Could a crackdown on some building owners in the Downtown Eastside result in more homelessness?
There are times when the best of intentions can lead to unintended consequences. I think we may be witnessing some of those consequences in Vancouver's notorious Downtown Eastside as the City of Vancouver rolls out its new “tough love” approach regarding delinquent landlords in the area.
It only takes a cursory glance to realize that many of the private building owners in the Downtown Eastside have let the conditions of their buildings deteriorate to the point where they are barely fit for human habitation. Whether it is through simple neglect or persistent tenant damage, the conditions in many of these single occupant hotels (SRO’s) rivals what you would find in some Third World nations. One can only imagine how the international media will report on this in a few months when they arrive to cover the Olympic Games.
Despite the conditions, many of these dilapidated edifices remain home to some of Vancouver's most vulnerable people. If these places shut down, the residents would likely have no place to go other than the street. That's because many of them are not only on social assistance, but they also suffer from chronic alcohol or drug addiction.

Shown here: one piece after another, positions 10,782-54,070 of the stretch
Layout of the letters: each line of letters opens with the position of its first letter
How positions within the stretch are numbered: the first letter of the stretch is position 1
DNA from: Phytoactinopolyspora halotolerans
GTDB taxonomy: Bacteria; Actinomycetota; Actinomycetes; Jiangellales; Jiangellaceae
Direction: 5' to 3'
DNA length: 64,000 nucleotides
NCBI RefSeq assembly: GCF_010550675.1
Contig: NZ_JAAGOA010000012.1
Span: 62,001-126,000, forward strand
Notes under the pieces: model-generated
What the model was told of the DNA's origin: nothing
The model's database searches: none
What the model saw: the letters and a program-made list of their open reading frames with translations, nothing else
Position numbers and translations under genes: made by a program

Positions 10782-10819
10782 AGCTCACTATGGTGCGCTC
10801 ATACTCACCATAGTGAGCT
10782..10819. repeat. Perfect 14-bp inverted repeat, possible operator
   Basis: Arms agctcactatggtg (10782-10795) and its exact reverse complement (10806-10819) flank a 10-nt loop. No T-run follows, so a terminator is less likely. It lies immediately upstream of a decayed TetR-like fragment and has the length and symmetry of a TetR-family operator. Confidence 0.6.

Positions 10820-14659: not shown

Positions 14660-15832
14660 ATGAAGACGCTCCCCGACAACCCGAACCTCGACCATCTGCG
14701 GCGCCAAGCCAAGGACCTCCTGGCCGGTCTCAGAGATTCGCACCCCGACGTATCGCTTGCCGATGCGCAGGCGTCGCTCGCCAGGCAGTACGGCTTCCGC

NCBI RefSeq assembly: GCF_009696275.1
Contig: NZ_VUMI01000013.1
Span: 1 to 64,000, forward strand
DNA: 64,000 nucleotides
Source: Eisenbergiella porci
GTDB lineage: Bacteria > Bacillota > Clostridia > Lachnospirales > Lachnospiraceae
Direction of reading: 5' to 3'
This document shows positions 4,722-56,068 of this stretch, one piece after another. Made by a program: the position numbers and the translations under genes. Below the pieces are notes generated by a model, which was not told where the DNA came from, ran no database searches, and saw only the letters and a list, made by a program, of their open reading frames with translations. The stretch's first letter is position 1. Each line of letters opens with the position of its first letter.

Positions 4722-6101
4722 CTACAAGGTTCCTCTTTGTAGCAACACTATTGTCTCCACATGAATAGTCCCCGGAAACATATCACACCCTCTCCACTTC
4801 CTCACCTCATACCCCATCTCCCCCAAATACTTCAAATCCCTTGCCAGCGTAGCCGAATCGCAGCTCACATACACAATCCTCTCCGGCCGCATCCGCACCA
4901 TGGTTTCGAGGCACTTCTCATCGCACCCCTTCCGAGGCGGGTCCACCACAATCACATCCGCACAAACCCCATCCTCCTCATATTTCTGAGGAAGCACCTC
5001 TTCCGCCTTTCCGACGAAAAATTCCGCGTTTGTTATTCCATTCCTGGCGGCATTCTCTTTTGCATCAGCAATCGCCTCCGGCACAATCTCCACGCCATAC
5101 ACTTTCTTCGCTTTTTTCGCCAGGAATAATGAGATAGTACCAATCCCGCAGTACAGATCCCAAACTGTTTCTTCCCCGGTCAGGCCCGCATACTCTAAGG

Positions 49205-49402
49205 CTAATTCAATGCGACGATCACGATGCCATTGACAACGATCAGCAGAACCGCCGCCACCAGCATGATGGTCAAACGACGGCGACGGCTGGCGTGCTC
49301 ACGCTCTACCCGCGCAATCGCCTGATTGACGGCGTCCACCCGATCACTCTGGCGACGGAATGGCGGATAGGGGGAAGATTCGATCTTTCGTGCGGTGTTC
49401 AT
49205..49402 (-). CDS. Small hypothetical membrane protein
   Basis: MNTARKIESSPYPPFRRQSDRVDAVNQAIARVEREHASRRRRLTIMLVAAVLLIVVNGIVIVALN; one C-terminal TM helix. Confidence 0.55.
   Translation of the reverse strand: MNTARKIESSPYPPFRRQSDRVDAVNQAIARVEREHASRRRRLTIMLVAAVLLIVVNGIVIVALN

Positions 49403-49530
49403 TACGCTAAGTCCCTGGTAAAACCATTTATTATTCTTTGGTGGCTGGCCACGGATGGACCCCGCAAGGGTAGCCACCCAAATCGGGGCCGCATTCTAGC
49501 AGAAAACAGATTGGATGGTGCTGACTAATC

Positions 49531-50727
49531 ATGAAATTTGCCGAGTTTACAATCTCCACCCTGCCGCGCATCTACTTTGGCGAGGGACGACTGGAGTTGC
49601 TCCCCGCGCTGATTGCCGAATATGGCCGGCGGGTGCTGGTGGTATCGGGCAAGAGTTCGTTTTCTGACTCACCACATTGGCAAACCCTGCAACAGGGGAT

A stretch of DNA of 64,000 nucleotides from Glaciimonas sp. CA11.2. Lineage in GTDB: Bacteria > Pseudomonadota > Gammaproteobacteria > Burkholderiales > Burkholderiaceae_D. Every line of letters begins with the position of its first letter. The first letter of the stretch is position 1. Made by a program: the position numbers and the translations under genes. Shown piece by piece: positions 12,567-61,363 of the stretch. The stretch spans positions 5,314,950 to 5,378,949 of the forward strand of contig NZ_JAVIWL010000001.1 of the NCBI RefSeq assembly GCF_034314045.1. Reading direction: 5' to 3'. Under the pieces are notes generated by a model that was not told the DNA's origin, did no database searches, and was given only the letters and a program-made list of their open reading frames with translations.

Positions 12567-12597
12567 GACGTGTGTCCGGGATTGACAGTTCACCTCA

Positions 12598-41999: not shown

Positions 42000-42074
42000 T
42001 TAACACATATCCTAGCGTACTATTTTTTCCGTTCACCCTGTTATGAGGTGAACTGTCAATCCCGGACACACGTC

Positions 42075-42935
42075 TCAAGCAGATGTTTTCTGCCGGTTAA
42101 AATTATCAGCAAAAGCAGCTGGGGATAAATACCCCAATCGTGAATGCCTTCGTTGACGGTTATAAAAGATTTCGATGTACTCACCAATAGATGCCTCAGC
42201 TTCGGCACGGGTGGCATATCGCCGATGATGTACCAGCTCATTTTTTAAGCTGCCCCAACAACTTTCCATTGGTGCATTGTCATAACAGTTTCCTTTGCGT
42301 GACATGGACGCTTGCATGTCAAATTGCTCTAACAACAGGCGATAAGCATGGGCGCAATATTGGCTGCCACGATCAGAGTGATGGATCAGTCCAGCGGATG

I recall one landlord recounting a story to me about the condition of his building when I worked at City Hall. He said he had put in tens of thousands of dollars to upgrade his units, only to find them trashed again within months by drug-addicted tenants.
That’s why the recent admission by Mayor Robertson that he has abandoned the Four Pillars strategy in Vancouver in favour of focusing solely on homelessness is so disheartening. No matter how much housing is built in Vancouver, unless tenants can find a way to control or eliminate their drug addiction, we won’t see conditions improving anytime soon in the Downtown Eastside. Tackling drug addiction must be done in tandem with locating new housing, otherwise both efforts are doomed to fail.
The deplorable conditions in the Downtown Eastside has resulted in Vancouver's new Vision council ordering staff to begin a systematic "crackdown" on building owners. Vision rightly argues that these private landlords have a legal responsibility to keep their buildings in some sort of decent shape.